Bismarck Renaissance Zone expires, what that means for downtown development
BISMARCK, N.D. (KFYR) - As of August 1, the Renaissance Zone in Bismarck is no longer an option for developers looking for tax incentives to build or renovate downtown.
The Renaissance Zone in downtown Bismarck has made some new buildings and upgrades to existing buildings possible. But the tax incentives that went along with it made some people feel the playing field wasn’t level.
“You just made everybody else who wants to put up apartments have to compete against a guy downtown who didn’t do any storm water management, doesn’t have to have a parking ramp, doesn’t have to have parking spaces, doesn’t have to have green space and then doesn’t pay property tax. It’s crazy,” said Ron Knutson, a developer in Bismarck.
But others say building downtown isn’t without cost.
“It’s actually, I think, demonstrably more expensive to build or to do a project in the urban area. Even though as I said earlier there’s infrastructure, water, sewer and those things. There’s also buildings and you don’t have places to lay down equipment and supplies, a lot of time there’s environment issues if you’re dealing with an older building. So I guess you have to take the big view, is it good for one area of the city and therefore it’s good for the whole city,” said Jim Christianson, Chair of the Bismarck Renaissance Zone Authority.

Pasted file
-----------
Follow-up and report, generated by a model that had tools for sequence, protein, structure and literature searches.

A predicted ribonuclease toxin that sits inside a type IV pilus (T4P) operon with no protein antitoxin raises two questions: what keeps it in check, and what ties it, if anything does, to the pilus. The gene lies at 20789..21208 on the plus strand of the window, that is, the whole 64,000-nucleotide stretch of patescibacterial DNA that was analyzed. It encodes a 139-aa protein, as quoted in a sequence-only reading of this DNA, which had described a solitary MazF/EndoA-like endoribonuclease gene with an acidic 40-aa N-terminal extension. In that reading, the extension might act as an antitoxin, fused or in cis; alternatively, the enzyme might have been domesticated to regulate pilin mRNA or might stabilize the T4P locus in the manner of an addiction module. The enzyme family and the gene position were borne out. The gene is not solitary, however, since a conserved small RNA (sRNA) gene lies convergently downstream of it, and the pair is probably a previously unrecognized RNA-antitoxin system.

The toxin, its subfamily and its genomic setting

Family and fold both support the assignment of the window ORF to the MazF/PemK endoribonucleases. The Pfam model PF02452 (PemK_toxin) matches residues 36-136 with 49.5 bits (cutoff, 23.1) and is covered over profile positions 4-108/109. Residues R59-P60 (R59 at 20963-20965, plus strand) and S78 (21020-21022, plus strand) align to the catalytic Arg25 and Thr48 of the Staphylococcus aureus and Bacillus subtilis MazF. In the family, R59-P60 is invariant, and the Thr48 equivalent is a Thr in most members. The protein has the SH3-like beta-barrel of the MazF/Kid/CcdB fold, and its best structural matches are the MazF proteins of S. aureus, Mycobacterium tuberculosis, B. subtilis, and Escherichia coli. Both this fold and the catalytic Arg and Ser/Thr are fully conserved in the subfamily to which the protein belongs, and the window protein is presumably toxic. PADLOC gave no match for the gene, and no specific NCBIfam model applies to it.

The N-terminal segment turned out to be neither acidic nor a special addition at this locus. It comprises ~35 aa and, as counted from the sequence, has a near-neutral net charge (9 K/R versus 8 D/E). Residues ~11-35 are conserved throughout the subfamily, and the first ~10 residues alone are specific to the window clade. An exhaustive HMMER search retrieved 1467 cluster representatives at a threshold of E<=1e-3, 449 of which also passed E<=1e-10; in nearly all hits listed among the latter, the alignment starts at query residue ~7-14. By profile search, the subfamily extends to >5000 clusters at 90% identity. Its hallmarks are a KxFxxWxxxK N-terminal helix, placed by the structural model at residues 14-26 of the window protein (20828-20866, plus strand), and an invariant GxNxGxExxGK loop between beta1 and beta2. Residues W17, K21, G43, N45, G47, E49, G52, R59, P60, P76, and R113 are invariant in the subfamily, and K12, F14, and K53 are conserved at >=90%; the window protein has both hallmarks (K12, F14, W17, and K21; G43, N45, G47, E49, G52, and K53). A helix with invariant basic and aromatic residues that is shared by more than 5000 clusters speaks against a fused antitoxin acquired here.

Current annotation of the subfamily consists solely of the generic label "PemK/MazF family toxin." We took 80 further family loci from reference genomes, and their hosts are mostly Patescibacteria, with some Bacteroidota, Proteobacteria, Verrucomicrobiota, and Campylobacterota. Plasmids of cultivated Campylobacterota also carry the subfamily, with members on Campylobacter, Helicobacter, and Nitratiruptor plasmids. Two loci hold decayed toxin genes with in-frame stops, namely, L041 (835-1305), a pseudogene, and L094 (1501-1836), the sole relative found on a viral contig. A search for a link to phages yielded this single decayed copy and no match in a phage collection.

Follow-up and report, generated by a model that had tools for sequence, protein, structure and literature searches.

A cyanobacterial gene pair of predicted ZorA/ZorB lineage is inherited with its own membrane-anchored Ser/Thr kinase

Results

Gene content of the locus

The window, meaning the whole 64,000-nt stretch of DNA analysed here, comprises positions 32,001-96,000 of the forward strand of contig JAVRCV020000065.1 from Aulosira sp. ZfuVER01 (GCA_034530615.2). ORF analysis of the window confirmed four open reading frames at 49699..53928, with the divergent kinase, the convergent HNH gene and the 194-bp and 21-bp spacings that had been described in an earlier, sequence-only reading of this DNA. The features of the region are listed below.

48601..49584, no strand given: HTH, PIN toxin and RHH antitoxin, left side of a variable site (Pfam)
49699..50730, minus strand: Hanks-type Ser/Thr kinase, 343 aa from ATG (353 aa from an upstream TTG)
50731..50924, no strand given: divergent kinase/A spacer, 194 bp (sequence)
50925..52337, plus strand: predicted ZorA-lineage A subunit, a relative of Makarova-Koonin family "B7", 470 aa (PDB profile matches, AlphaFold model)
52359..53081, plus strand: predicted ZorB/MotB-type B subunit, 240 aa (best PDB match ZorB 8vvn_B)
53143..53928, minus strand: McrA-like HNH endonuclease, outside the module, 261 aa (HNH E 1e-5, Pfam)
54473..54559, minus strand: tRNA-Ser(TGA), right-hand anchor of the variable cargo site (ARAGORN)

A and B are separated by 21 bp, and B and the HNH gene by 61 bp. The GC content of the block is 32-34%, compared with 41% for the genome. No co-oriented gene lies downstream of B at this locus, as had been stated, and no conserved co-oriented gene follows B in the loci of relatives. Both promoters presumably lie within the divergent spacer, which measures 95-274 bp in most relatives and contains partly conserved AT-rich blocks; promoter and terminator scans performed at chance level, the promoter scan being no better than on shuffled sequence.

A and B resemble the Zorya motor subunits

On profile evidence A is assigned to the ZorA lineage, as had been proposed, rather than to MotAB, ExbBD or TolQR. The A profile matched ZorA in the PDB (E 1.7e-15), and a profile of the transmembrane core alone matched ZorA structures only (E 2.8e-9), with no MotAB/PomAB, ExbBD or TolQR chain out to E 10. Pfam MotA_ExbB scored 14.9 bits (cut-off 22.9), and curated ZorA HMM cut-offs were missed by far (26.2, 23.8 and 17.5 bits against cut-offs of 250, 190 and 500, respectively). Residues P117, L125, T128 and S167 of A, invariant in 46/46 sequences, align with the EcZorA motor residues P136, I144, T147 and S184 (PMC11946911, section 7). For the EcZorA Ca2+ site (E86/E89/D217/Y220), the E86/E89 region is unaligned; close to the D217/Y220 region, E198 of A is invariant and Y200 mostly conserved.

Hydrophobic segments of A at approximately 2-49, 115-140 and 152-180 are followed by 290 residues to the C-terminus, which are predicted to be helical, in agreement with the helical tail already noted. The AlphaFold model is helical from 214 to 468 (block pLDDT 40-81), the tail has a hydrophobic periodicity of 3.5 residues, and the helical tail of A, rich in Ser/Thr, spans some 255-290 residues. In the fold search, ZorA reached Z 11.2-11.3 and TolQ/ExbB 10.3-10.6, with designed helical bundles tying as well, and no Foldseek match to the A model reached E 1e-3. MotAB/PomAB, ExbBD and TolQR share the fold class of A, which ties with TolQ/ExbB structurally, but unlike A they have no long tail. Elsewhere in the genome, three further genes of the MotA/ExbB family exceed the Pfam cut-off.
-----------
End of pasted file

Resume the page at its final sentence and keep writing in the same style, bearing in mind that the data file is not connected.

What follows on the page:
However, it’s the new construction causing the heartburn for those who think it’s time to end the tax breaks.
“They’ve changed it from what it used to be to new construction, and it was never ever meant for that. And they did that without the legislature’s approval. I think that local commissions have just taken it upon themselves,” added Knutson.
Those in favor of the Renaissance Zone say it’s given back a thriving downtown to the community.
“Probably the biggest benefit we’ve seen - close to a hundred million dollars’ worth of new construction and or renovations through the Renaissance Zone program in Bismarck in the last 20 years,” said Christianson.
Once a Renaissance Zone expires, it cannot be brought back. Christianson and others working for downtown hope when the legislature meets in January, they will change the law, giving the program a second chance. But Knutson feels it has served its purpose and it’s time to let the fair market dictate where Bismarck flourishes, and instead, to give a tax break to Bismarck property owners.
The Renaissance Zone has one final project in the works, the old Community First Credit Union on 5th street was approved last month before the zone expired.
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